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Trump verifies ‘excellent talk’ with Taliban leaders


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Trump verifies ‘excellent talk’ with Taliban leaders

President Donald Trump told reporters Tuesday that he and Taliban leaders “agreed there is no violence, we don’t want violence.” | Manuel Balce Ceneta/AP Photo President Donald Trump confirmed on Tuesday he’d spoken by phone with the Taliban, days after the U.S. signed a historic agreement aimed at ending the war in Afghanistan. “I did,…

Trump verifies ‘excellent talk’ with Taliban leaders

President Donald Trump told reporters Tuesday that he and Taliban leaders “concurred there is no violence, we do not desire violence.”|Manuel Balce Ceneta/AP Photo

President Donald Trump verified on Tuesday he ‘d spoken by phone with the Taliban, days after the U.S. signed a historic arrangement focused on ending the war in Afghanistan.

” I did, I spoke to the leader of the Taliban today, we had a good discussion,” Trump informed press reporters as he left the White Home, adding that he and Taliban leaders “agreed there is no violence, we don’t want violence.”

The call was first exposed by a spokesperson for the Taliban, who tweeted out a picture of the group’s leaders, consisting of the insurgent group’s co-founder, Mullah Baradar Akhund, around a phone and teased that more information were to come. The White Home has actually not launched its own readout of the conversation.

The peace accord, focused on unwinding the dispute in Afghanistan after 19 years of war, was signed on Saturday in Doha, Qatar. It would lead to the withdrawal of all American troops from the nation over the next 14 months as long as the Taliban meets all of its required commitments, which consist of a sit-down for intra-Afghan talks with Kabul’s government.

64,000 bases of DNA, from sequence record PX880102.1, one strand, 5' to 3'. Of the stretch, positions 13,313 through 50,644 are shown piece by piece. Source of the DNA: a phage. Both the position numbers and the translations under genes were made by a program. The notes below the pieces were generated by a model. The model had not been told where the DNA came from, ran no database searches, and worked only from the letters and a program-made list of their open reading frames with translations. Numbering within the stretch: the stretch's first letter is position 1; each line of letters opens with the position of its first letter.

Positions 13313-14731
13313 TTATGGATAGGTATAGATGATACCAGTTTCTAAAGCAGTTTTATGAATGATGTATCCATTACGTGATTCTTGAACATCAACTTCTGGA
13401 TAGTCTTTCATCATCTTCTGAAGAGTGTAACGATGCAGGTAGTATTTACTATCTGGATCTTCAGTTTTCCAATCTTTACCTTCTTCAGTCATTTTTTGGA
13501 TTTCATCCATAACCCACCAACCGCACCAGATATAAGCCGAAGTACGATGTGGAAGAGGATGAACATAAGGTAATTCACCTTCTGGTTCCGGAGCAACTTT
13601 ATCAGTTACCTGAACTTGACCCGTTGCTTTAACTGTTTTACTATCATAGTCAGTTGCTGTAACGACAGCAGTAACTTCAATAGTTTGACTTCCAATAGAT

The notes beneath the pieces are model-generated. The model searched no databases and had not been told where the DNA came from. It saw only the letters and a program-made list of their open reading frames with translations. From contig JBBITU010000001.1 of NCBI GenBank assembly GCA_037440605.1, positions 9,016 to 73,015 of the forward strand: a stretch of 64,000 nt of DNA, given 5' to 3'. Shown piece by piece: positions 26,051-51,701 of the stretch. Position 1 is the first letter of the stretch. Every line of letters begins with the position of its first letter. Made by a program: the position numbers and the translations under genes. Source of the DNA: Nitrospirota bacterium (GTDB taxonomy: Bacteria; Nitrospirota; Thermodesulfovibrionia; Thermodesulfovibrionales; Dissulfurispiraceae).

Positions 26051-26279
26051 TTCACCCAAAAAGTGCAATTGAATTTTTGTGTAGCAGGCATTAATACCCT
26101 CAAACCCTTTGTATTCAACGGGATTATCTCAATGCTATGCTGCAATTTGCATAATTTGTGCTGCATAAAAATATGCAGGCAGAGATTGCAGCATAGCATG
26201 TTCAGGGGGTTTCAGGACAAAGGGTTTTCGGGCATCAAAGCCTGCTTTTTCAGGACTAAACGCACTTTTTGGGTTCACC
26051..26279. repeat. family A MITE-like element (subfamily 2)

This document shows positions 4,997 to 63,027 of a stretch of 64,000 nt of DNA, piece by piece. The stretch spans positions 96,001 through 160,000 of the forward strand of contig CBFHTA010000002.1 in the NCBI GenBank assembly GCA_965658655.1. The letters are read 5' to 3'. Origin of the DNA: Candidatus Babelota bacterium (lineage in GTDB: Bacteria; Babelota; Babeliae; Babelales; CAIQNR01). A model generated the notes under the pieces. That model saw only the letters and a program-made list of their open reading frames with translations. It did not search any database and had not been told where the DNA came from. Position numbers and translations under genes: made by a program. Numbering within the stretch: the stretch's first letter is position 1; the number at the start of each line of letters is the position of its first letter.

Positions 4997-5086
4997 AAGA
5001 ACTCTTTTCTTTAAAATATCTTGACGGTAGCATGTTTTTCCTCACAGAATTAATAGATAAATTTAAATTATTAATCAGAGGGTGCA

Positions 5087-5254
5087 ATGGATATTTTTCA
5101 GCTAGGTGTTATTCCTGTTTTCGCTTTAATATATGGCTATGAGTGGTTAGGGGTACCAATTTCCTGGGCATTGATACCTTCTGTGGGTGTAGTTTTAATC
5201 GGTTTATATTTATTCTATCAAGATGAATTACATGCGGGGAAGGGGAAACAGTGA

Just days after the agreement was tattooed, though, indications of cracks started to emerge as combating resumed across the country between the Taliban and Afghan security forces. The signing over the weekend had been preceded by a unusual seven-day decrease in violence required by U.S. arbitrators.

Speaking in Doha after the finalizing, Secretary of State Mike Pompeo cautioned that long lasting peace is contingent on the militant group satisfying its pledge to cut ties with al Qaeda and other terrorist groups also the Taliban’s sit-down with the Afghans.

However the militant group said Monday it would refuse to take part in those talks up until the Afghan government releases roughly 5,000 Taliban prisoners, a need the government rejected. The arrangement requires the detainees to be released in exchange for as much as 1,000 Afghan government captives by March 10.

On Tuesday, the president appeared positive that the violence would wane, but suggested the ball remained in the Taliban’s court.

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” We’ll see what happens,” Trump stated. “They’re dealing with Afghanistan but we’ll see what happens. We had, actually, a great talk with the leader of the Taliban.”

He would not state whether Tuesday’s call was the first time he ‘d spoken to the leader, however told press reporters throughout a roundtable at the National Institutes of Health that the two had “a great long discussion” which “the relationship is really great that I have with the mullah.”

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